The 15 Royal Navy personnel seized at gunpoint in the Gulf by Iran are reportedly being questioned in Tehran.
Iranian armed forces spokesman Gen Ali Reza Afshar told Iranian radio the crew were being interrogated and had admitted being in Iranian waters.
He also said they were in "sterling health" and there had been no problems.
The British government says the eight sailors and seven marines were in Iraqi waters. It has demanded their immediate release.
The Fars news agency says the group - including one woman - was flown to Iran's capital and arrived in the Iranian capital at 1200 local time (0830 GMT).
Satellite tracking systems on the British boats proved they were inside Iranian waters, it added.
The German presidency of the European Union has demanded the immediate release of the personnel.
And Foreign Office junior minister Lord Triesman has met Iran's ambassador to London to demand their release.
The 15 were seized on Friday after boarding a boat in the Gulf.
They were from HMS Cornwall, based in Plymouth - the flagship of the coalition-Iraqi force which patrols Iraqi territorial waters in the northern Gulf to combat smuggling.
The Cornwall's commander, Commodore Nick Lambert, said they had been inspecting an Iraqi boat before clearing its skipper to continue with his business.
The personnel would have been in boats similar to those pictured
When they returned to their two small boats, they were "promptly arrested".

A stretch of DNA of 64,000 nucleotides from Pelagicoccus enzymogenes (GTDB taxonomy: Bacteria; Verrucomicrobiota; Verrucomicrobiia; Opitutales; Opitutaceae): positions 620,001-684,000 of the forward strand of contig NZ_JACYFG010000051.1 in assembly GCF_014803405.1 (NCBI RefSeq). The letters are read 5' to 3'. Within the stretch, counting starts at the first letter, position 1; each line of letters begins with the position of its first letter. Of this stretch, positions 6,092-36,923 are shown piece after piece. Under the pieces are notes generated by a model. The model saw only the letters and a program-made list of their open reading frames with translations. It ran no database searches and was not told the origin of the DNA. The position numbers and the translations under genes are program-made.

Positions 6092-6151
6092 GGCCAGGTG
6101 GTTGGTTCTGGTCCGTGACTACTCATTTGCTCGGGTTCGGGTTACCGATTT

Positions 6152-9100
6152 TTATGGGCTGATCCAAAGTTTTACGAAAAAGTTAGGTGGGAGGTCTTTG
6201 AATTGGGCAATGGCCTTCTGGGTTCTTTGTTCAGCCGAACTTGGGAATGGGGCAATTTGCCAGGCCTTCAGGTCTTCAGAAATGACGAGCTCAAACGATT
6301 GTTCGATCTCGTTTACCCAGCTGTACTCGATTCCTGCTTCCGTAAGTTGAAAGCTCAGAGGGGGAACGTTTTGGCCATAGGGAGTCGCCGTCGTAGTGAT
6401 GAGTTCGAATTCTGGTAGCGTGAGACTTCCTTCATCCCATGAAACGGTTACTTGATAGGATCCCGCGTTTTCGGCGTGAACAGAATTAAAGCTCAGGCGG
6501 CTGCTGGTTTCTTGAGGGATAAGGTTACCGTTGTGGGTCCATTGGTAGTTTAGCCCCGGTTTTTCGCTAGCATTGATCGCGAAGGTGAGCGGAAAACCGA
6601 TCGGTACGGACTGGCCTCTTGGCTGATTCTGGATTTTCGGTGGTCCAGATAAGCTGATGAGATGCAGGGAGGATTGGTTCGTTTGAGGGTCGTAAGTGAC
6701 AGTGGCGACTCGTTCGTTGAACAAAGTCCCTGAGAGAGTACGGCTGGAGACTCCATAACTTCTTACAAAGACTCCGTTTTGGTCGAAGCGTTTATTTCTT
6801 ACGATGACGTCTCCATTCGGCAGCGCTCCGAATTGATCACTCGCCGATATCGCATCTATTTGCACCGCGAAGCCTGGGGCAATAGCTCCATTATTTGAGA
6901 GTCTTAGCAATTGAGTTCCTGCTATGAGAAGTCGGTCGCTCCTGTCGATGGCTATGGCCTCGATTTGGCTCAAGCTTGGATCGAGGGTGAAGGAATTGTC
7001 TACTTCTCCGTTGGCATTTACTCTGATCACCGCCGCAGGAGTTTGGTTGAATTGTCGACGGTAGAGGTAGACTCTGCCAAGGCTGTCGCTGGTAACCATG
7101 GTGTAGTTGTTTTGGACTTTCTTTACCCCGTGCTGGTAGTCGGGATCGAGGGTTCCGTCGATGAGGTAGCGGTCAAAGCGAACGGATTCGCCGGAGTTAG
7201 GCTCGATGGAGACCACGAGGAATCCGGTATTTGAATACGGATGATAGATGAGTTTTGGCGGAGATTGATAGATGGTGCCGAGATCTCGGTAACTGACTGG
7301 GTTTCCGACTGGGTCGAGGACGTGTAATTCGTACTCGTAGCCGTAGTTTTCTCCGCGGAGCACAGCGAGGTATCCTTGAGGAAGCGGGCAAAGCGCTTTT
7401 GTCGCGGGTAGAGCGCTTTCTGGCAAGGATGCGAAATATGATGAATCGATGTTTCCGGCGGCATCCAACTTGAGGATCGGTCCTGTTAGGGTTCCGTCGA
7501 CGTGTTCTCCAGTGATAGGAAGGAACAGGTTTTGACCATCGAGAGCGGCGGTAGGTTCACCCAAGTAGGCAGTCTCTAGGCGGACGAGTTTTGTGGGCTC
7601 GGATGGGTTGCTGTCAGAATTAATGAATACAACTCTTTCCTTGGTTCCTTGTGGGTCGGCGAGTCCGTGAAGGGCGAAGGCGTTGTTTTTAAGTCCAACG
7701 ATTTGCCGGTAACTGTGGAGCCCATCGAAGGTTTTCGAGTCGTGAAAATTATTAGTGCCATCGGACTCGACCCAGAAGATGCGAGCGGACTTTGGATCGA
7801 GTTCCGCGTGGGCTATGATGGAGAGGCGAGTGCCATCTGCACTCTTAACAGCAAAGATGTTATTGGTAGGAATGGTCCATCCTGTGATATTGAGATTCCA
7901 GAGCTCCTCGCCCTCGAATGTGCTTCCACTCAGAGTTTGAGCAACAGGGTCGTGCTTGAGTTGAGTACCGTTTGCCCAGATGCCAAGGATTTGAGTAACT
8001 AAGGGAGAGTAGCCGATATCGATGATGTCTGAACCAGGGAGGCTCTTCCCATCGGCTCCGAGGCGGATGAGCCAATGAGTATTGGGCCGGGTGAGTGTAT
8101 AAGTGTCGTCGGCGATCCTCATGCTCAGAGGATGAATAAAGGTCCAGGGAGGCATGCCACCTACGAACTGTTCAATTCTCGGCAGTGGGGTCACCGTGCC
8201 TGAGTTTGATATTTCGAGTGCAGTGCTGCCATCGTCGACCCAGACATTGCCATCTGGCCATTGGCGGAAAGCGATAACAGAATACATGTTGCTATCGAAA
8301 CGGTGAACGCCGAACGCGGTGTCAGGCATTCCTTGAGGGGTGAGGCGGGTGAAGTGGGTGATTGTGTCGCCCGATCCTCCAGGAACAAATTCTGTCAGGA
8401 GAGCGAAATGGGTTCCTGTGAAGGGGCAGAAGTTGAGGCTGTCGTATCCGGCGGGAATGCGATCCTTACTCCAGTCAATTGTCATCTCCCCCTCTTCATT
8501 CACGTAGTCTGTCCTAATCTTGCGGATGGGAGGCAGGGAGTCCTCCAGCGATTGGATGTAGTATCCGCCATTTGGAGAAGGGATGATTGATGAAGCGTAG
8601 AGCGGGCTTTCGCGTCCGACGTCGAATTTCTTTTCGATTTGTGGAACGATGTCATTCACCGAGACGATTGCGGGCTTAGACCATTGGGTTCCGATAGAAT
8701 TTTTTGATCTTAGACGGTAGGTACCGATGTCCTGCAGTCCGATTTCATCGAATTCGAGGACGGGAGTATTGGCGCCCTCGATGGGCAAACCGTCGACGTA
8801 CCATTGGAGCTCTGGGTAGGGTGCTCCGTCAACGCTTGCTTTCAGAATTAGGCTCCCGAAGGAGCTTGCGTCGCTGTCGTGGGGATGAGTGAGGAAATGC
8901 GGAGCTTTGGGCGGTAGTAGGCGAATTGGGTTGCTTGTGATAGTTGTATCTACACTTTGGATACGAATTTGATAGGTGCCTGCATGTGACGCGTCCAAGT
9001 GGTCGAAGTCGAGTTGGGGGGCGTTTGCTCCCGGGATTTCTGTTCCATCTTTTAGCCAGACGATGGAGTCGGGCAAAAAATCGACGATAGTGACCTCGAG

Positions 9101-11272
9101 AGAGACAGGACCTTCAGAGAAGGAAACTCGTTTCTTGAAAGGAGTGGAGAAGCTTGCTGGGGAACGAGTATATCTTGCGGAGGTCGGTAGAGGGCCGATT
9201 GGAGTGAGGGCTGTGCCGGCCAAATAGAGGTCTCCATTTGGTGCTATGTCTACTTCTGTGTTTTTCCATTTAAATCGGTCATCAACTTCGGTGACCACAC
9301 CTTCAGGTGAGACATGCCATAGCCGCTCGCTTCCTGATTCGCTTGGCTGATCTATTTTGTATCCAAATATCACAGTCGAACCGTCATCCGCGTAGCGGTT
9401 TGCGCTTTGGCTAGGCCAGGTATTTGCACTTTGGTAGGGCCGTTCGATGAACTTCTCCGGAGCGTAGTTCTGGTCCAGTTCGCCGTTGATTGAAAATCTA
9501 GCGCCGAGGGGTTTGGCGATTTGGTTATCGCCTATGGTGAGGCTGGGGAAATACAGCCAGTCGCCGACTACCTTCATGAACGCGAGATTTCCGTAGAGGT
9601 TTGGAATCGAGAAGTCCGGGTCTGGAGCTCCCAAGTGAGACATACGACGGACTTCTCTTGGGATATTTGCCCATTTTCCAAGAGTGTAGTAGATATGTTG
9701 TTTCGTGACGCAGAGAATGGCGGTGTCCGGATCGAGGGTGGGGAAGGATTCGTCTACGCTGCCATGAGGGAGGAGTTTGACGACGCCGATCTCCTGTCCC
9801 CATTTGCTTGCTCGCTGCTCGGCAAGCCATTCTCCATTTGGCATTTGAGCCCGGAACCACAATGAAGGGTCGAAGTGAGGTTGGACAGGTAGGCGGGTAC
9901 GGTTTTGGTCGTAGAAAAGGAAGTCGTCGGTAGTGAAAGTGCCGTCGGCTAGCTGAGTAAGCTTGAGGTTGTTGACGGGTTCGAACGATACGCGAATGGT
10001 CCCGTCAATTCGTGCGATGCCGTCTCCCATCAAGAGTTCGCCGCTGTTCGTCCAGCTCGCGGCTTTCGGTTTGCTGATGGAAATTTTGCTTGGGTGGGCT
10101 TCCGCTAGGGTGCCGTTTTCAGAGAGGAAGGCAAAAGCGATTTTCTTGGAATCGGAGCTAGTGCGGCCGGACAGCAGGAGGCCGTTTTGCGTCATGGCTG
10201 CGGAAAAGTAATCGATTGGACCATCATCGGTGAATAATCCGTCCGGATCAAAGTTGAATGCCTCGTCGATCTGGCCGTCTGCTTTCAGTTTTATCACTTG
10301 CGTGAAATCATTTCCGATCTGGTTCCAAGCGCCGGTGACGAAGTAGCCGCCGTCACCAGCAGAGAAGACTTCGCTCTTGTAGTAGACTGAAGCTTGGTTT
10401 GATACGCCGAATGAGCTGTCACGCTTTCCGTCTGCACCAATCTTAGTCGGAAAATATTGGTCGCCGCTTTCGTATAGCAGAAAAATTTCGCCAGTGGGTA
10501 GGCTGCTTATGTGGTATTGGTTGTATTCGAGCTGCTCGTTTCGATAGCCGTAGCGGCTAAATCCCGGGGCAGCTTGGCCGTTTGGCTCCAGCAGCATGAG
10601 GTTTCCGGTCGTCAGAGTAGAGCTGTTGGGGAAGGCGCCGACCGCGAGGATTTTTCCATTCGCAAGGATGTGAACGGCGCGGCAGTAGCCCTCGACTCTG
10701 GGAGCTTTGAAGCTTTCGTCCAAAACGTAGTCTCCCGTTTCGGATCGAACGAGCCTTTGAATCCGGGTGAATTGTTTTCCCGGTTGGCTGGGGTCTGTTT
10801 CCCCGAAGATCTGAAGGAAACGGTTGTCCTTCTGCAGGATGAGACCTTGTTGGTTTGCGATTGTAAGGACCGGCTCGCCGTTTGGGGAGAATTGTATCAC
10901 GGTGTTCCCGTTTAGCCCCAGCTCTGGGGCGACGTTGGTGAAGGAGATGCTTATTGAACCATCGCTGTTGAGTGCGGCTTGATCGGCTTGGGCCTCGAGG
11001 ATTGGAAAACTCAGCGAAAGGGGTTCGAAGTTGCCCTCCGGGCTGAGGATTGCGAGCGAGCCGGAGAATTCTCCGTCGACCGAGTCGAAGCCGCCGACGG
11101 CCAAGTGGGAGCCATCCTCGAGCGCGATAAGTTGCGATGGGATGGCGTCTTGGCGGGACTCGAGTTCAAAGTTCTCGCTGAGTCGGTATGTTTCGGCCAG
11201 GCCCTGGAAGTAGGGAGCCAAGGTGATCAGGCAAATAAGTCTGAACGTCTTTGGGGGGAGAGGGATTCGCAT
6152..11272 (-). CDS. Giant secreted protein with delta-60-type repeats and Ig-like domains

The helicopter then saw the British boats being moved along the Shatt al-Arab waterway to Iranian bases, Cmdr Lambert said.
There had been no evidence of fighting, he added.
Diplomats have held talks in Tehran and London since Friday's incident.
Ibrahim Rahimpour, Iran's director general for Western European affairs, said he had met the UK's charge d'affaires, Kate Smith, in Tehran.
He said he had delivered a "firm protest from Iran against the illegal entry of British sailors into Iranian territorial waters".
But former Royal Navy head Adm Sir Alan West dismissed suggestions the British boats had strayed into Iranian waters.
Sir Alan was first sea lord in 2004 when Iran detained eight British servicemen for three days after they allegedly strayed over the maritime border.
The men were paraded blindfolded and made to apologise on Iranian TV before their release was agreed.
Sir Alan told BBC News that tracking systems then had proven that the servicemen had been in Iraqi waters.
"They can do lots of smokescreens and things like that but I am absolutely clear in my mind it would have been in our waters," he said.
The Ministry of Defence has been in contact with relatives of the group.
Because of a long holiday period in Iran there has been little public comment.
The US military said it had been monitoring Iran's Revolutionary Guards - an elite fighting force appointed by the country's supreme leader, Ayatollah Ali Khamenei - "for years now" in Iraqi territorial waters.
BBC world affairs correspondent, Ian Pannell, who was earlier on board HMS Cornwall, said the mood on the ship was "quiet and determined" and that "the aspiration here is that this will be over sooner rather than later".
And the BBC's Bridget Kendall said the big question was whether the capture was part of a bigger political game, ahead of a UN Security Council vote in New York over further sanctions against Iran's nuclear programme.
But Sadegh Ziba Kalam, professor of politics at Tehran University, dismissed the idea that the seizure was a political move ahead of the vote.
"Everyone knows that would not change anything," he told BBC Radio 4's Today programme.
The seizure also follows claims that much of the violence against UK forces in Basra is being engineered by Iranian elements, which Tehran denies.